Best of Biblical Conservatism: Letter Bag: The Difference Between Classical Liberalism and Modern Liberalism

Today, on Best of Biblical Conservatism, we have one of our most popular posts of all time!

I received an annonymous comment recently (for the sake of this post, we'll call that person Anny) on an a post on a post from a few weeks ago that I wanted to address it here.  The post was Dissecting the Liberal Talking Points: The Tea Party isn't Going Anywhere.  Here was the comment:

Liberalism: political doctrine that takes protecting and enhancing the freedom of the individual to be the central problem of politics. Liberals typically believe that government is necessary to protect individuals from being harmed by others; but they also recognize that government itself can pose a threat to liberty. As the revolutionary American pamphleteer Thomas Paine expressed it in Common Sense (1776), government is at best “a necessary evil.” Laws, judges, and police are needed to secure the individual’s life and liberty, but their coercive power may also be turned against him." (and it continues...)

The Tea Party is therefore liberal.

It's an interesting point, Anny.  It's wrong, but it's an interesting point. What this individual doesn't recognize is the difference between Classical liberalism and Modern liberalism.  The definition given above is the definition of Classical liberalism.  For those of you who aren't familiar with the term, Classical liberalism is focused on liberty.  It supports small government, individual rights, and the Constitution.  When our nation was founded, it was a relatively liberal idea, which is to say it was to the left of the monarchy.  (Conservatism is to the left of monarch too, by the way.)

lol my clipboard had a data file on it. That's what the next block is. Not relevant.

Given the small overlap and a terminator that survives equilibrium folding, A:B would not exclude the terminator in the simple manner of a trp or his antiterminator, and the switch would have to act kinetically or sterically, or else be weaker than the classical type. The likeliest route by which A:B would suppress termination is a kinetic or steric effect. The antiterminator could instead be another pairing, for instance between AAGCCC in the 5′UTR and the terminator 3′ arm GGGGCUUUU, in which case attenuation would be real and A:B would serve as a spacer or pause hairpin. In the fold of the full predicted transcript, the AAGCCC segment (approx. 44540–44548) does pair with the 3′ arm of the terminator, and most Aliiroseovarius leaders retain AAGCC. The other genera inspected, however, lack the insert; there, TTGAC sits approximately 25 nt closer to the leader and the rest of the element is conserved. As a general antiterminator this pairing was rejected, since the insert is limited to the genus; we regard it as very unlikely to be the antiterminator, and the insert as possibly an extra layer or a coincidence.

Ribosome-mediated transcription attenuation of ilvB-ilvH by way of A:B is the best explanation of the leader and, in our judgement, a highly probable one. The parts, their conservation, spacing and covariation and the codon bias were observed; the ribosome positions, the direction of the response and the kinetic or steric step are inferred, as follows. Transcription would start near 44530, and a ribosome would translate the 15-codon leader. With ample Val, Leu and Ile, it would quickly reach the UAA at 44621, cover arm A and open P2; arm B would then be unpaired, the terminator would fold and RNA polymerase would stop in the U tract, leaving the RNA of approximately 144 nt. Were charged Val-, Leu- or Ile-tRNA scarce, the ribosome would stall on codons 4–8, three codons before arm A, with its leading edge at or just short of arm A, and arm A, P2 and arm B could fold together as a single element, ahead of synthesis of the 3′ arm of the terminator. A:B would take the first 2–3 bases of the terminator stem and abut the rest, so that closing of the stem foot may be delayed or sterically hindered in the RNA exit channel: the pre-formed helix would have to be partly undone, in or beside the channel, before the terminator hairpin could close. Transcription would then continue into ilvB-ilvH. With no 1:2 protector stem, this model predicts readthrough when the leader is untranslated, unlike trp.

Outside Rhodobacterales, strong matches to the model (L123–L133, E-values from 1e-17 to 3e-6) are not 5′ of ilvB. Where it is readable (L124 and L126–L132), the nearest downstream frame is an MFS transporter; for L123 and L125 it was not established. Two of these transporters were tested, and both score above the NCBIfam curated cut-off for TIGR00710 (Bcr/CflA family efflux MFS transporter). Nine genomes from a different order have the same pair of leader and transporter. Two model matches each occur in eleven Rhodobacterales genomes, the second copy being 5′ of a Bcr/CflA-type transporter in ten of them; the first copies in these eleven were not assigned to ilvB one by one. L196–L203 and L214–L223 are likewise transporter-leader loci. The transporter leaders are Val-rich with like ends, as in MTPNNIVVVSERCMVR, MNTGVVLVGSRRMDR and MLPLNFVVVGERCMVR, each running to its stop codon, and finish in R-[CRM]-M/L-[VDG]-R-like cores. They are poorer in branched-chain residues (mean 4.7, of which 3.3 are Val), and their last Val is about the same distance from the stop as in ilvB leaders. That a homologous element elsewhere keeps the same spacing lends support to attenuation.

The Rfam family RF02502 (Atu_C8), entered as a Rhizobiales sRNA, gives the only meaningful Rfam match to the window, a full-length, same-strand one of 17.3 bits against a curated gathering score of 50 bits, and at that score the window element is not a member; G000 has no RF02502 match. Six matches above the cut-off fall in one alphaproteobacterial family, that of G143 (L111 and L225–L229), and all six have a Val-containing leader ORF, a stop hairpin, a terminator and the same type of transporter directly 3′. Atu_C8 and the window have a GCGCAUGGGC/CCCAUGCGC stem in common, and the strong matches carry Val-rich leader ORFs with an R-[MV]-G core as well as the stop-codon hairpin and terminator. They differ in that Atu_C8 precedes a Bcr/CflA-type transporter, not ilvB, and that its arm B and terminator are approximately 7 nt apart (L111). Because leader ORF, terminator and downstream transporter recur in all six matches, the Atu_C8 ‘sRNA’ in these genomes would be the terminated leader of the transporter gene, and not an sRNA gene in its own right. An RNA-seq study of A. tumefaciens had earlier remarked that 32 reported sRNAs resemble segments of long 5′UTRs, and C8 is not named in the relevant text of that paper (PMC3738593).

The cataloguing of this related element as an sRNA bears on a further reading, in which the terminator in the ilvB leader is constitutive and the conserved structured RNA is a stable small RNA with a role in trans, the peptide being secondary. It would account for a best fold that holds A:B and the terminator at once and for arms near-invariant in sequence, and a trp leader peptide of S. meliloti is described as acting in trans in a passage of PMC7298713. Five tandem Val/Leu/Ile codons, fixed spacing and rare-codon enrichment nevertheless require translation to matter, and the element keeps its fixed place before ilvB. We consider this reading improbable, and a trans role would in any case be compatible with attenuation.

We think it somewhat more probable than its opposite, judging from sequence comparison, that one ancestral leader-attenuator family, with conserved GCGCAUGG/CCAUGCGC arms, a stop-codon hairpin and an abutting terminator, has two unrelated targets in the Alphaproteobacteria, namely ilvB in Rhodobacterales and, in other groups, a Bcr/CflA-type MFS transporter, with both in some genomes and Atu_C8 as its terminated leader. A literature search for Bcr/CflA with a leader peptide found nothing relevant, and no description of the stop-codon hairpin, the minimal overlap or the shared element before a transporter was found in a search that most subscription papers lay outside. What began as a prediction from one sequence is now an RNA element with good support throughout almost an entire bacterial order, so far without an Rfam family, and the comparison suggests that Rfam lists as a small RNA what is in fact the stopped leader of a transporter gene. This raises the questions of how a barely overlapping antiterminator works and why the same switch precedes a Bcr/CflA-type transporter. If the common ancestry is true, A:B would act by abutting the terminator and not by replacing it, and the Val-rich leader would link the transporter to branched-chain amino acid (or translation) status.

You see, in 1776 and 1787, Anny, the ideas that the Declaration of Independence and Constitution espoused were radical.  They aren't radical anymore.  Our founders created these values new, now we conservatives try to maintain them.

Modern liberalism is not about small government, it's about big government.  It's not about individual freedom, it's about group conformity and government telling you what's good for you. Modern liberalism does not recognize that government can pose a threat to sees government as the solution to problems. 

Modern liberalism is the polar opposite as Classical liberalism.  Classical liberalism is now known as conservatism.

What Anny said is a perfect example of an etymological fallacy.  For those of you who don't have degrees in Communications, an etymological fallacy "is a genetic fallacy that holds, erroneously, that the historical meaning of a word or phrase is necessarily similar to its actual present-day meaning." (For those of you from Palm Beach County, FL, that means believing that what a word originally meant is what it means today.)

Liberal doesn't mean what it meant in our founders day.  The same is true of many other words.  In 1776 if a man had a "gay kid" that meant they had a "happy baby goat."  Does it mean that now, Anny?  Of course not.  Few people think of a kid as a baby goat anymore, even though that is the origin of the word, and few people still think gay means happy.

In short, the Tea Party is Classically liberal, which is synonymous with Modern conservatism.  Sorry, Anny, but in our modern context the Tea Party is conservative.

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